War Peace

34 Days: Israel, Hezbollah, and the War in Lebanon by Amos Harel

By Amos Harel

This is the 1st accomplished account of the development of the second one Lebanese conflict, from the border abduction of an Israeli soldier at the morning of July 12, 2006, in the course of the hasty determination for an competitive reaction; the fateful discussions within the cupboard and the senior Israeli command; to the heavy struggling with in south Lebanon and the raging diplomatic battles in Paris, Washington and New York.  

The ebook solutions the next questions: has Israel discovered definitely the right classes from this failed military confrontation? What can Western international locations study from the IDF's failure opposed to a fundamentalist Islamic terror organization?  And what function did Iran and Syria play during this affair?

34 Days delivers the 1st blow-by-blow account of the Lebanon warfare and new insights for the way forward for the zone and its results at the West. 

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Additional info for 34 Days: Israel, Hezbollah, and the War in Lebanon

Example text

Although reduced combat activity meant leaving the field open to Hezbollah (and enabling further Hezbollah attacks), this was the path chosen by many of the officers. ) Ya’akov Amidror, former head of the Research Branch of the Intelligence Department, even before the decision had been taken on unilateral withdrawal from Lebanon, Israel had never defined its objective for overcoming Hezbollah. “We asked ourselves how [we could] achieve quiet, not how do we overcome Hezbollah. It was a very expensive strategy.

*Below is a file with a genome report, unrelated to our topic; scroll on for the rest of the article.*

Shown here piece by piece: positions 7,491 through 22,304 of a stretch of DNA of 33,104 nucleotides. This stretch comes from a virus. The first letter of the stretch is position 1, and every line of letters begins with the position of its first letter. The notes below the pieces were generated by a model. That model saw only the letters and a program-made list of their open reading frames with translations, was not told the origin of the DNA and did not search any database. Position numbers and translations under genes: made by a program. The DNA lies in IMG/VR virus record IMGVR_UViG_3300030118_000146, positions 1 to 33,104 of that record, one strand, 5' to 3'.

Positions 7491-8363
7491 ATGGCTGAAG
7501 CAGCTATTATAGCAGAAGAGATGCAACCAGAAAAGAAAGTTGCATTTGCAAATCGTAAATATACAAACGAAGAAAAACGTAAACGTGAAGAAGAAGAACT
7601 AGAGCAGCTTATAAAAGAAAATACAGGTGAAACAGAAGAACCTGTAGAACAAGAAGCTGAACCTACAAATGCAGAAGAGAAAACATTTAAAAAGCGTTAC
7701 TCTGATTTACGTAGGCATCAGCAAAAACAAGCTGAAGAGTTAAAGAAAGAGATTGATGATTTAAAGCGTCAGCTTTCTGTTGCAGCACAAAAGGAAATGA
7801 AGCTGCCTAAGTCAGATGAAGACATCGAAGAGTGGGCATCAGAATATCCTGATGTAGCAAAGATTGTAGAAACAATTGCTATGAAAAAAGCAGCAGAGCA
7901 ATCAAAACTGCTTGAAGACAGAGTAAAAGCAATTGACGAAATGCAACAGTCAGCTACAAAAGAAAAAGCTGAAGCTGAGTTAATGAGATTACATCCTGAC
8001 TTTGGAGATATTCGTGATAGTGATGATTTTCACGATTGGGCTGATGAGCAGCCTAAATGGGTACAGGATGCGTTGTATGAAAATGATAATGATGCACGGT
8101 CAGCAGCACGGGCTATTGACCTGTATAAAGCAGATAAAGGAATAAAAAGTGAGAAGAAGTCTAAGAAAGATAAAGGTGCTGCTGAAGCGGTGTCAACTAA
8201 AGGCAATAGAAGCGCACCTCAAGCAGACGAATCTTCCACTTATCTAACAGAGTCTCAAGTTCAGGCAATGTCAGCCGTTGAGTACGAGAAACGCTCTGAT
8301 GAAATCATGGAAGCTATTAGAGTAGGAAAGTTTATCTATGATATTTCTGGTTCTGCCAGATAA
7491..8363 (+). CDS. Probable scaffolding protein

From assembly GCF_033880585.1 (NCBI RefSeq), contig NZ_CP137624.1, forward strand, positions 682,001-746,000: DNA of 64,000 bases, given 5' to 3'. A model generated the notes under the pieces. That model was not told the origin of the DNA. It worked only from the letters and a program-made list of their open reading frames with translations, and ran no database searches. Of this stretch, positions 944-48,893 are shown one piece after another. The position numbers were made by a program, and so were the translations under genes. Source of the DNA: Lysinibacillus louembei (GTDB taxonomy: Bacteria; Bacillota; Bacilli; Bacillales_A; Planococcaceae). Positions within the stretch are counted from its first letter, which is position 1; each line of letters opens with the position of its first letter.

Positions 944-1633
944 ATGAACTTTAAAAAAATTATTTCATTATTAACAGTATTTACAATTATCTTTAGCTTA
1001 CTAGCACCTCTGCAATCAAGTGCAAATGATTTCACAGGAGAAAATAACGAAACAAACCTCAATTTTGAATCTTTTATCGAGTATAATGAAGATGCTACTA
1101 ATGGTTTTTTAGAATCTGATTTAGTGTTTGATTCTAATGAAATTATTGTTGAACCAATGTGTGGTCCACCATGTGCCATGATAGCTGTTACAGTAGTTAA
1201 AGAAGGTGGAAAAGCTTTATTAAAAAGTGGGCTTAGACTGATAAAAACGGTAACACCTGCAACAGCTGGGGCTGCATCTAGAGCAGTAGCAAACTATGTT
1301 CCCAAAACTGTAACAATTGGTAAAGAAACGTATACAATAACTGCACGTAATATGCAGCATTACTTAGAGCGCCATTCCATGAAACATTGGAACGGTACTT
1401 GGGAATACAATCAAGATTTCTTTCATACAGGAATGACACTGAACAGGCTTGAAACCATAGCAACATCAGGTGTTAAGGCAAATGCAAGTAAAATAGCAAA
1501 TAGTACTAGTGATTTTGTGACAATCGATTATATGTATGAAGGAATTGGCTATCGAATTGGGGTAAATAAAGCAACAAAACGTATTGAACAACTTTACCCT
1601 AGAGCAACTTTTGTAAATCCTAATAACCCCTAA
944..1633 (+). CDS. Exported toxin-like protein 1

That means never to question whether pride takes precedence over the lives of others and whether stones take precedence over arms. To be a Shiite means to confer to the leader of the resistance his role as a loyal hero to the cause of the Arab nation in its entirety. . If you are a Shiite you are not to ask this leadership how the groundwork was prepared to absorb this indiscriminate war and its “potential” consequences. Where are the hospitals, the ambulances, never mind the shelters. These are the responsibilities of a state—That was never consulted in declaring war.

For the IDF, these actions were embarrassing. On one hand, soldiers were being hurt. On the other, no one wanted to allow mere stone throwing to reignite the now-peaceful border. In the end, a technical solution was found: Several metal cages were built in which soldiers could stand, protected from stones. The soldiers were removed from the border eventually, in order to reduce friction with the Lebanese stone-throwers. The problem was solved for the time being, and lacking available, vulnerable targets, the Lebanese lost interest.

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